In some ways, I don’t feel I can express myself to you, because so much of how I think and how I feel is… fucked up? Seemingly unreasonable. Something I don’t imagine you want to hear. I can’t expect you to understand. It’s not your problem, but then it is. It becomes your problem by virtue of your proximity to me. I feel as if I can’t explain myself to you because in the past, you have not reacted well to my explanations… No one has, no one does. I feel guilty and stupid. I feel unreasonable and suspect for my thoughts.
When I was still taking the drugs, I felt empty and pathetic and looking at the state of my life, at my failures and lack of success, from that flat, dead place I couldn’t make sense of it. I felt lazy and worthless and guilty. Within weeks of coming off the drugs my perspective shifted, the sudden shock, the horror of feeling returning was in a sense, invigorating. Of course I was where I am. I wanted to kill myself and this, this life I am living is an infinite improvement on that. When that pain moves from an abstract quantity, a vague memory, something that only really exists in the past and dreams, to the everyday, to something real, something immediate, I felt a weight lifted.
I just wanted to feel real again. I don’t know if the depression now is going to continue or if it’s just a side effect of the drug withdrawal. Initially, it certainly was.
Inevitably, it wasn’t. I got worse. Things reached a point where suicide once again became a very real option. Hence my return to the world of the drugged. Right now, it works for me, as you can imagine, suicidal thoughts are incredibly disruptive. Here I think it’s important to consider the over all tone of the letter. I was trying to justify myself, it was an apology for being who I am. At that point in time, in the twilight of that relationship, I hadn’t yet accepted that I’d been denying a part of myself, that in union we had conspired to reject something at the core of me. Perhaps, it is only in this sense that you might really know yourself – in denial. Lives lived unseen, shards of truth half glimpsed in broken mirrors. I lose track of myself, the soul wanes. We connect, we engage, we live and die together, trying to unite and undo the damage, make sense of the chaotic rumblings of realisation and revelation. Put it aside, be happy together, shut the world outside.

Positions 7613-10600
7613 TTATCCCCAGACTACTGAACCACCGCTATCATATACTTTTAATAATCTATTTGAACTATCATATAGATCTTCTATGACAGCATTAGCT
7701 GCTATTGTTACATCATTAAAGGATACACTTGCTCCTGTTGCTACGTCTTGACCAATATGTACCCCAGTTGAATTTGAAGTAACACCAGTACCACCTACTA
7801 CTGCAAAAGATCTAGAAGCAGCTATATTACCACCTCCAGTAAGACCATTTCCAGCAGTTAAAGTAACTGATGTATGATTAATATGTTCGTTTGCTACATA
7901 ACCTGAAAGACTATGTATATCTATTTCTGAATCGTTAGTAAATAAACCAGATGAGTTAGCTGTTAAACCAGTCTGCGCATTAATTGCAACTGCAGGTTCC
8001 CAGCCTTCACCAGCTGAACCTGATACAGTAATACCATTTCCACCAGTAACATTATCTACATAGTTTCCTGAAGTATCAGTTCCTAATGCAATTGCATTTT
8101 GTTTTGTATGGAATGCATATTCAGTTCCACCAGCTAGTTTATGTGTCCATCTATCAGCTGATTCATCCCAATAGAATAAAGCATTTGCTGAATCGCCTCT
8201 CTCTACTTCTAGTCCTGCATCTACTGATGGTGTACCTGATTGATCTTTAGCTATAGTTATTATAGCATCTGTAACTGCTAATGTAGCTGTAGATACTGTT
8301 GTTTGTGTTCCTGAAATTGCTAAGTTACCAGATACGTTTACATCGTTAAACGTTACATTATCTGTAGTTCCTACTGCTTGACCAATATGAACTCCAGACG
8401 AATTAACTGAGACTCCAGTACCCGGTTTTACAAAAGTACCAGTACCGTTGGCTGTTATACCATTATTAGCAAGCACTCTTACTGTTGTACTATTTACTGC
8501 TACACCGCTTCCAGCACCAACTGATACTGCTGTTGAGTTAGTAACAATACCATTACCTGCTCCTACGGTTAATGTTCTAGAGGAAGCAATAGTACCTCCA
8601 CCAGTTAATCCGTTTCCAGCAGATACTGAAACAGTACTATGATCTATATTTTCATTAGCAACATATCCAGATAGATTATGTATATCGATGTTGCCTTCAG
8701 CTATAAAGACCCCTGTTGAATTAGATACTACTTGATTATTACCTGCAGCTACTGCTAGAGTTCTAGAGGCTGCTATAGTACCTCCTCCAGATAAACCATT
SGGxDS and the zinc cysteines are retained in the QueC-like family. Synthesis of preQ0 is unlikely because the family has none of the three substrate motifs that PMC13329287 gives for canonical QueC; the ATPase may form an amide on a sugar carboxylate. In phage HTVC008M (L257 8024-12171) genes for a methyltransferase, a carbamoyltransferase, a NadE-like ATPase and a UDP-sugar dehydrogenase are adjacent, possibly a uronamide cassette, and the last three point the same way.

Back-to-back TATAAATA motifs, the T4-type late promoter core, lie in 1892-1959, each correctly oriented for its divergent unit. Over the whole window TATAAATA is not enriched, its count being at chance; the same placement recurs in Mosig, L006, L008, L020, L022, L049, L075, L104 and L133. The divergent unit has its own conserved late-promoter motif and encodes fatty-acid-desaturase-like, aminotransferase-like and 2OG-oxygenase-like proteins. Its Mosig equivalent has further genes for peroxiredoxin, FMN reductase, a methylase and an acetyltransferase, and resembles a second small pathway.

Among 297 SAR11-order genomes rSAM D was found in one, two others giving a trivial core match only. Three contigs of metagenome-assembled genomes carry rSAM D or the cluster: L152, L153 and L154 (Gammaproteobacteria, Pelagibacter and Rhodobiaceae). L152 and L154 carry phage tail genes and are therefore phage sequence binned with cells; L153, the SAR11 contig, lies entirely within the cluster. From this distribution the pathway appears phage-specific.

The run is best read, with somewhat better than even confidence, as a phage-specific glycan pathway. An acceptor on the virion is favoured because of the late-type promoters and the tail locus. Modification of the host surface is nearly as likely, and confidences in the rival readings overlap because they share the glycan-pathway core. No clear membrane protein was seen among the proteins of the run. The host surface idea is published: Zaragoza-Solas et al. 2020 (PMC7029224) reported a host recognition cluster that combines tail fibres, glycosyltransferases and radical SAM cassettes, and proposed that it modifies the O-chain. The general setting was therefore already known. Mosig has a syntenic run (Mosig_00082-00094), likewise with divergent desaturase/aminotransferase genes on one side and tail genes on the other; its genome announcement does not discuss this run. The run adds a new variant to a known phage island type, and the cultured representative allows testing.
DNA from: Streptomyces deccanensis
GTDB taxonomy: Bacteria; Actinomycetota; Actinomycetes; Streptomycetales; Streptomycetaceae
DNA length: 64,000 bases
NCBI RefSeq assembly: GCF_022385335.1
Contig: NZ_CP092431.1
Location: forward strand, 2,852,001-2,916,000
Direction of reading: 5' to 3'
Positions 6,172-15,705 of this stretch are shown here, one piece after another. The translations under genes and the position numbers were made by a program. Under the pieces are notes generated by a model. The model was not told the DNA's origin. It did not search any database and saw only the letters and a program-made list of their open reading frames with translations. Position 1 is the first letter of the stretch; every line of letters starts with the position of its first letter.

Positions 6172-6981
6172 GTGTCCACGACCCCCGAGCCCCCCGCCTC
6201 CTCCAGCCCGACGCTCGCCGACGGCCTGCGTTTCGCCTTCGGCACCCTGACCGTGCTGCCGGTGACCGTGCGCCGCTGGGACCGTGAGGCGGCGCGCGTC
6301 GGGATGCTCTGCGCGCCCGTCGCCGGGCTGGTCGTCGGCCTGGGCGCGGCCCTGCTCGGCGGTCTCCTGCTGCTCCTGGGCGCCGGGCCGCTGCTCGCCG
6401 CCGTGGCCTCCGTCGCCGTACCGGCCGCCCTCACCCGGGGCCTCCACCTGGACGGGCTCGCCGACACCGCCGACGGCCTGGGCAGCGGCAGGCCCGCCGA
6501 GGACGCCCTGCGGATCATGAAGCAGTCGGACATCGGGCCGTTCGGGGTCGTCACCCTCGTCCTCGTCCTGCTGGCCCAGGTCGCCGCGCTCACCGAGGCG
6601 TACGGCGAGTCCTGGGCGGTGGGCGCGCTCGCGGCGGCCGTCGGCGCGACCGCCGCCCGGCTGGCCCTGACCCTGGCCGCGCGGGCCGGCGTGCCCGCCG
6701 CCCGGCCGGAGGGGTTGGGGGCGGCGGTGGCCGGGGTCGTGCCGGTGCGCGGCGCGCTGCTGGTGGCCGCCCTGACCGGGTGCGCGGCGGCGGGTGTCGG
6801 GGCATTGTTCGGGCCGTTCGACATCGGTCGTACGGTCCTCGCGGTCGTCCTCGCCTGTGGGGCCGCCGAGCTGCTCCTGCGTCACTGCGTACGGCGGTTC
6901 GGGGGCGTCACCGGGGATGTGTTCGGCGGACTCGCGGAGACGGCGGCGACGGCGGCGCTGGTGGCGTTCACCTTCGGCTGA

Between the ages of 15 and 23 I self harmed, I was hospitalised on several occasions, my body will forever bear the marks of my torment. It’s symbolic, a violent physical act that resonates metaphorically. The beauty of self-harm, once you escape the prison of mental illness, is the purity of it. There are no superficial details to distract from the essence of the act. Were I covered in tattoos, I could believe that these designs were enacted upon my flesh entirely consciously. They can be more easily divorced from their symbolic meaning, placed into the realms of aesthetics and taste. I was in danger of losing myself, this troubling dissociation led me to alter my body in order to feel real, to feel like I belonged. No doubt it changed you, the tattooed become themselves, a self fulfilling prophecy. And I become the kind of monster that could do this to man. I’m not fucking real, Matt Illman is a fictional character and five hundred something scars haven’t changed that. I can’t escape the core of me.
What I think I’m trying to communicate is that mental illness is more than just the symptoms. The most important thing is trying to understand yourself, and recognise what in you is unhealthy, what actually requires remedy. It changes you, there are things you can’t escape…
Is it that our whole lives are just that single moment – a bloated vessel, punctured, spilling its contents into the void? I rotate it, orbiting around the inevitability. The finality of that image – everything I’ve ever believed myself to be, all I’ve ever known, ever claimed is just dirt, caked on shit to be washed clean in the ocean of ubiquity. I accept this, yet still I swim.